Jesus continued, “But I say to you…if you say, “You fool,” you will be liable to the hell of fire.” The Greek word being translated into fool is “moros.” From it we get the word, moron. “Moros” meant dull, silly, stupid. In the New Testament context calling someone “moros” was a mortal blow. It was declaring another a spiritual failure. It insulted their heart, their character, declared them morally worthless. It was like saying a person no longer had God’s image within them; they no longer were worthy of love. It was spiritual murder. It happens all the time. Born of prejudice, born of religious difference, born of jealousy, born of fear – people declare other’s out of God’s goodness. Choose life.
Anger escalates from thought, to blow, to fire and destruction. A story goes that on May 16, 1984, the Baltimore Orioles were playing a game in Boston. An Orioles player started a fight with Boston’s third baseman. It probably started with an angry word that escalated into an angry retort and then blows. Within minutes all the players from both teams had joined in a brawl. Looks like the battle spread to the grandstand. And then someone set fire to the stands. The entire ballpark burned to the ground. But not only that, the fire spread to 107 other Boston buildings as well. In Egypt in the last week estimates of up to 300 people were killed. Angry words escalate to murderous actions.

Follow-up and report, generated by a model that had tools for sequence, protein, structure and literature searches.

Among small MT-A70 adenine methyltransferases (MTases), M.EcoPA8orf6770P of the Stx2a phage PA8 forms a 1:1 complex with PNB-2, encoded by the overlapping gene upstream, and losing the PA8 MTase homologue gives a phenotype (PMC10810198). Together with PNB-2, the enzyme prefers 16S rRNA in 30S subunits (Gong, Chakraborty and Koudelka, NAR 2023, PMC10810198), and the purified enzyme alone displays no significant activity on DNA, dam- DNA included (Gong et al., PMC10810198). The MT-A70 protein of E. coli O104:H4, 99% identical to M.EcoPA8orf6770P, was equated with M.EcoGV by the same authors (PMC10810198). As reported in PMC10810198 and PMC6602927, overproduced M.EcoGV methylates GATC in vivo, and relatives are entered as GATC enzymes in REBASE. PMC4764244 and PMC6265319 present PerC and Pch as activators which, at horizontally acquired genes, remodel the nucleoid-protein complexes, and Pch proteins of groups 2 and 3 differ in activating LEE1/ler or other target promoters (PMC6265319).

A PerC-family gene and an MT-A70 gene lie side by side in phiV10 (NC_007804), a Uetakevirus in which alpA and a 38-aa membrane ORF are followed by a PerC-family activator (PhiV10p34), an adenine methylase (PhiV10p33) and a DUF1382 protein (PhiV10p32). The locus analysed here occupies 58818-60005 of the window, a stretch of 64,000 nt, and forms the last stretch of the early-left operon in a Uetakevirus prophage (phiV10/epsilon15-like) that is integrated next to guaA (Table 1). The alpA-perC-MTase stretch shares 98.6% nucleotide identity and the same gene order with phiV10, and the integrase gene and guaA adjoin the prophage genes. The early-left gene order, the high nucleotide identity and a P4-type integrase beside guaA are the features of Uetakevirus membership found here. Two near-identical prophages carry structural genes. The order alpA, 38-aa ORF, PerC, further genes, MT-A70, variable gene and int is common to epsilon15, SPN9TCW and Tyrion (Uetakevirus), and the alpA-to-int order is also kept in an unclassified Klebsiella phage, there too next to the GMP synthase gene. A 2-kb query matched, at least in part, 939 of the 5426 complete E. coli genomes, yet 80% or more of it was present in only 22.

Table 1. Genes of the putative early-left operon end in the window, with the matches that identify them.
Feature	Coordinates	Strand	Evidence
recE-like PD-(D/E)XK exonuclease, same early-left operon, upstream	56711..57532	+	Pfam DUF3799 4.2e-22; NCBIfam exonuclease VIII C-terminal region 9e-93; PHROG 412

Jesus continued…”So when you are offering your gift at the altar, if you remember that your brother or sister has something against you, leave your gift there before the altar and go; first be reconciled to your brother or sister, and then come and offer your gift.” It is more important to reconcile with others than to worship.
Phyllis Diller wrote, “Never go to bed mad. Stay up and fight.” It’s good advice. Rather than stew in resentment, fight to reconcile. Jesus taught that when we are angry with another, we should do something about it. Go and talk about it. Don’t hold it inside. Don’t lash out but enter a hope-filled dialogue. Of course, it will not always work. Nonetheless, we always have the freedom to choose life.